Which Joe gave his name to ‘sloppy joes’? We look at five interesting sandwiches and their lexical origins.
A female benefactor.
patron, supporter, backer, helper, sponsor, promoter, championView synonyms
- ‘It is the winter of 1773 and ‘our man’ Diderot fills 66 notebooks with facts, dreams and mystifications for his illustrious benefactress.’
- ‘St. John comes to visit her at the end of that first day, upon which occasion Jane meets the benefactress of the schoolhouse and some charitable acts of the Parish - Miss Oliver.’
- ‘Eight years of toiling for the attentions of some noble benefactress and eight years of writing stories.’
- ‘Another important ally gained at this period was Harriet Shaw Weaver, business manager and then editor of the Egoist, and a lifelong benefactress of Joyce.’
- ‘Read about the Saurian Expedition of 1905 on which UCMP benefactress Annie Alexander collected many ichthyosaurs.’
- ‘Born in Geneva and fleeing that city at age 16, Rousseau moved to Savoy where, under the influence of his benefactress Baronne de Warens, he transformed from an uneducated apprentice to a man of letters.’
- ‘The poem is included in the testimonial letter signed ‘Allida,’ where it is described as having been received by another of Frado's white benefactresses.’
- ‘The program was organized in honor of a local benefactress of the arts, who was interested in harpsichord performance and gave money to other arts interests, too.’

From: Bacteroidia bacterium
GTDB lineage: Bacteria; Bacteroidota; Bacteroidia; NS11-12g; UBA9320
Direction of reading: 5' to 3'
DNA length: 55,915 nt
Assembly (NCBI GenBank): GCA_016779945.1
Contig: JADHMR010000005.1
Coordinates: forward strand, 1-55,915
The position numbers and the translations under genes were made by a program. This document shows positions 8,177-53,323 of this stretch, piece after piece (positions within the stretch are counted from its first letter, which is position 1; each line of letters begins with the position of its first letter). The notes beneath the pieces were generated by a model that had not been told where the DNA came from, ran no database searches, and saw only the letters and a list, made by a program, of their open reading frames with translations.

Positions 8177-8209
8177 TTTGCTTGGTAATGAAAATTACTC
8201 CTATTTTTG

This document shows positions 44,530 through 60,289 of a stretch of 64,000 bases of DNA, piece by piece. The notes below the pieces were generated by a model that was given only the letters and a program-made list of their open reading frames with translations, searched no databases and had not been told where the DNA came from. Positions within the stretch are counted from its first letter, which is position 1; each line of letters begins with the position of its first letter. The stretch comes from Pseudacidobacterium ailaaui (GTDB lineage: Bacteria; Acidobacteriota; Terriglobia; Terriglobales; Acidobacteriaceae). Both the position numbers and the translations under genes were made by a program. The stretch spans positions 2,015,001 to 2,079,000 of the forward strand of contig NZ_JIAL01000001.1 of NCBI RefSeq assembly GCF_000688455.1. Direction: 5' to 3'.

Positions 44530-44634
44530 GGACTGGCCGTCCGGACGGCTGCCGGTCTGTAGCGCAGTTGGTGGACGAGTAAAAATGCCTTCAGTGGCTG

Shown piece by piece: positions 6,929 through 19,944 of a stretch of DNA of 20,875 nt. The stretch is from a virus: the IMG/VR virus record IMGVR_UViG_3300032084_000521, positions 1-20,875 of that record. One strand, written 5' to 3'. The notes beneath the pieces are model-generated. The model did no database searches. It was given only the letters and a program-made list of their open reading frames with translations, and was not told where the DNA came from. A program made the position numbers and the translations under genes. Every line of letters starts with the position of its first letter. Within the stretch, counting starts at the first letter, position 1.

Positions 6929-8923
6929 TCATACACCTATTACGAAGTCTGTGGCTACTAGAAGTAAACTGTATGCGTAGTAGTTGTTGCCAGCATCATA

- ‘Instead of taking the train back to Poland, however, he returns to the casino, where that night she sees him gamble the money away again, in the process insulting his benefactress.’
- ‘They may never through life hear her name, but she is not the less their benefactress.’
- ‘Mary's subsequent search for Michael and her development into a genuine benefactress take up most of the remainder of the novel, along with Michael's struggles within and outside of Deep Valley and his own political coming of age.’
- ‘And yet, as Bliss notes, no one even suggested naming the medical school after its benefactress, in spite of her spectacular gift.’
- ‘She believes Willoughby is engaged to Marianne, but unsure of how to tell his benefactress; he has instead followed her orders to leave.’
- ‘UCMP provides access to the Papers of Annie Alexander, the benefactress of our museum, to historians and other interested parties.’
- ‘Their benefactress stood before them, still twisting at her apron, and she talked.’
- ‘For Symphony No 4 Tchaikovsky produced his own programme to satisfy the curiosity of his invisible benefactress, Mme von Meck.’
- ‘He tells Elinor he did and still does love Marianne, and was going to ask her to marry him, when his benefactress became informed of his behavior towards Colonel Brandon's foster daughter.’
- ‘As a new kind of benefactress, she designs simple but elegant clothing for the working class.’
- ‘There he found his benefactress, the Baronne de Warens, who gave him the education that turned him into a philosopher.’
- ‘A woman of intelligence and learning, she was a benefactress of the Queen's College, Oxford.’
We take a look at several popular, though confusing, punctuation marks.
From Afghanistan to Zimbabwe, discover surprising and intriguing language facts from around the globe.
The definitions of ‘buddy’ and ‘bro’ in the OED have recently been revised. We explore their history and increase in popularity.